posts at the trellising workshop to support healthy production of solanums and curcubits, as well as draft tip sheets that will be included in the next season’s Gardener Handbook.

    July 2013
    -Farm business planning and marketing consultant will visit the market to observe and meet vendors, and develop suggestions for a future visit

    August 2013
    - Follow-up calls will be made to participating gardeners about their fall planting schedule

    August-October 2013
    - Supplies for fall crop planting (seedlings, seeds, row cover) will be distributed at ENYF workshops. Cover cropping is being studied as an essential aspect of crop rotation because limited space options in gardens leads “overcropping” beds and poor soil quality. Garlic is a high dollar and demand crop at our market and requires advanced planning regarding planting location and timing.

    September 2013
    - Farm business planning and marketing consultant will visit the market a second time to offer suggestions and observations to our vendors as a group (in a brief meeting after the market) and individually. The consultant will share suggestions for follow up with both the growers and the Markets & Outreach Coordinator.

    December 2013
    - Based on receipt tracking at our two farmers markets’ cooperative tables, 15 growers will receive a breakdown of what they sold. They will have their follow-up crop planning session to look at what crops produced and sold at the highest rates.

    January-February 2014
    - The Gardener Handbook will be finalized based on gardener feedback. The Handbook will highlight the best ways that growers can utilize ENYF assistance, as well as technical tip sheets unique to East NY, for example, producing the bitter melon varieties favored in our market.

    February 2014
    - 15 urban growers participating in the individual crop planning sessions will be invited to a gathering to talk with each other about troubleshooting, tip sheet feedback, and collaborative growing ideas (for example, not everyone needs to grow lots of tomatoes because of market saturation, but everyone might want to try to grow okra, which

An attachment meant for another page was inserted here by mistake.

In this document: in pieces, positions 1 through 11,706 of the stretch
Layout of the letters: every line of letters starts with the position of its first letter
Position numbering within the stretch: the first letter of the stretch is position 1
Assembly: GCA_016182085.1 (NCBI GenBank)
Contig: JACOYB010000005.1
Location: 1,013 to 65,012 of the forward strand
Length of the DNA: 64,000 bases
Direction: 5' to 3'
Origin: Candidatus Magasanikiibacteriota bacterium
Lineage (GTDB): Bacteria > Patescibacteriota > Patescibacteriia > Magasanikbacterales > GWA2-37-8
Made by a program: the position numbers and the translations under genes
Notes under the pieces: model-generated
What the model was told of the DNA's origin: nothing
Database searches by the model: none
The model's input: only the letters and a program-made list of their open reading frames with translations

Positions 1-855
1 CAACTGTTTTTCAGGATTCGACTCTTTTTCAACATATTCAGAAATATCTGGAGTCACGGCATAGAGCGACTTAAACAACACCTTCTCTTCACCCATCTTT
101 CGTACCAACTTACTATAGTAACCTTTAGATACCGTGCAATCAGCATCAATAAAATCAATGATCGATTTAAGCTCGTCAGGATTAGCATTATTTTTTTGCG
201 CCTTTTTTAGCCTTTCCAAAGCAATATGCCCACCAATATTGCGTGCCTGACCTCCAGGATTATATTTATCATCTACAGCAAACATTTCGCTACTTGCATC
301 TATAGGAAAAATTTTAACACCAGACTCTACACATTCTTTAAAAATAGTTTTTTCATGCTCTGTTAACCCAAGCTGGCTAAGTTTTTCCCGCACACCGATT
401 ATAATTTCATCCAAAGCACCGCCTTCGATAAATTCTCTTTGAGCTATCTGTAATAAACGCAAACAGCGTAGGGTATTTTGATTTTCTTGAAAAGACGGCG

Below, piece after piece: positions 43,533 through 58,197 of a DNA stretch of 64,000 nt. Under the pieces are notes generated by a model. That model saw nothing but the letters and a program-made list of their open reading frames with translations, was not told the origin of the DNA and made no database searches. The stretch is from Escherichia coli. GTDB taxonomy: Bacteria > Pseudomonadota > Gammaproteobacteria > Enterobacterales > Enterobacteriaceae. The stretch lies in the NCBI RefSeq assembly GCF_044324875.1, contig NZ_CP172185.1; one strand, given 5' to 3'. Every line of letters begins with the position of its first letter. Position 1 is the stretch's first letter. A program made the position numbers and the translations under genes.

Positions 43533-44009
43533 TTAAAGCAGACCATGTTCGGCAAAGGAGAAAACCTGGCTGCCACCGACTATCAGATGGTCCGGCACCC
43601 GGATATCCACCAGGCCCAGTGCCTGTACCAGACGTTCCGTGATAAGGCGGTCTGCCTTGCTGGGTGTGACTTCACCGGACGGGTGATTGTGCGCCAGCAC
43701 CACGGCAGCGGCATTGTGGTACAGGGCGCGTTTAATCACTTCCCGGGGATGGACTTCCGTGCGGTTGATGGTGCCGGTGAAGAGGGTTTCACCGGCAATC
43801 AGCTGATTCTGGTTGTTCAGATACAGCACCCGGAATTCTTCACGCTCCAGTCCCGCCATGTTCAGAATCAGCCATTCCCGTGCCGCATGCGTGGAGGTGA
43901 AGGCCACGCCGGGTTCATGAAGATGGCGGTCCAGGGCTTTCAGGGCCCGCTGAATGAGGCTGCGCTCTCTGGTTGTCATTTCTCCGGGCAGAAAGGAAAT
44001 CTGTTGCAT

sells out quickly).

    March 2014
    - The Agriculture Director will continue work with at least 10 of the urban growers who received crop planning assistance the previous season. Growers will be determined based on their experience and interest after assistance in 2013. We will also reach out to 4 new gardeners who have yet to sell at the market.
    -80 Gardener Handbooks will be printed and distributed to growers in East NY, including those who participate in crop planning session.
    -The Agriculture Director and one urban growers will submit a proposal to co-present on our strategies, challenges, and successes at at one of the citywide gardening conferences.
    Inherent in our project is the dissemination of research project results with the urban growers and organizational partners in East NY and nearby communities. Many of these growers are not reached by other city wide urban agriculture groups or publications due to limited access to email and transportation. All of the growers and partners that we regularly work with will receive a copy of the Gardener Handbook.

    To reach an audience citywide (and beyond), especially those organizations working with growers in other neighborhoods, we will a) make a pdf format of our Handbook, including tip sheets on both growing and marketing in our community, available on our website and set up an online mechanism to track the number of downloads occurring and from whom, and b) conduct a market-based crop planning workshop at one of the citywide gardening conferences in the winter of 2014. We will design and teach this session with an urban grower and provide them a stipend for their time. Finally, we will host a meeting with citywide peer organizations to coordinate workshops and make recommendations based on 2013 experiences.

    Any opinions, findings, conclusions, or recommendations expressed in this publication are those of the author(s) and do not necessarily reflect the view of the U.S. Department of Agriculture or SARE.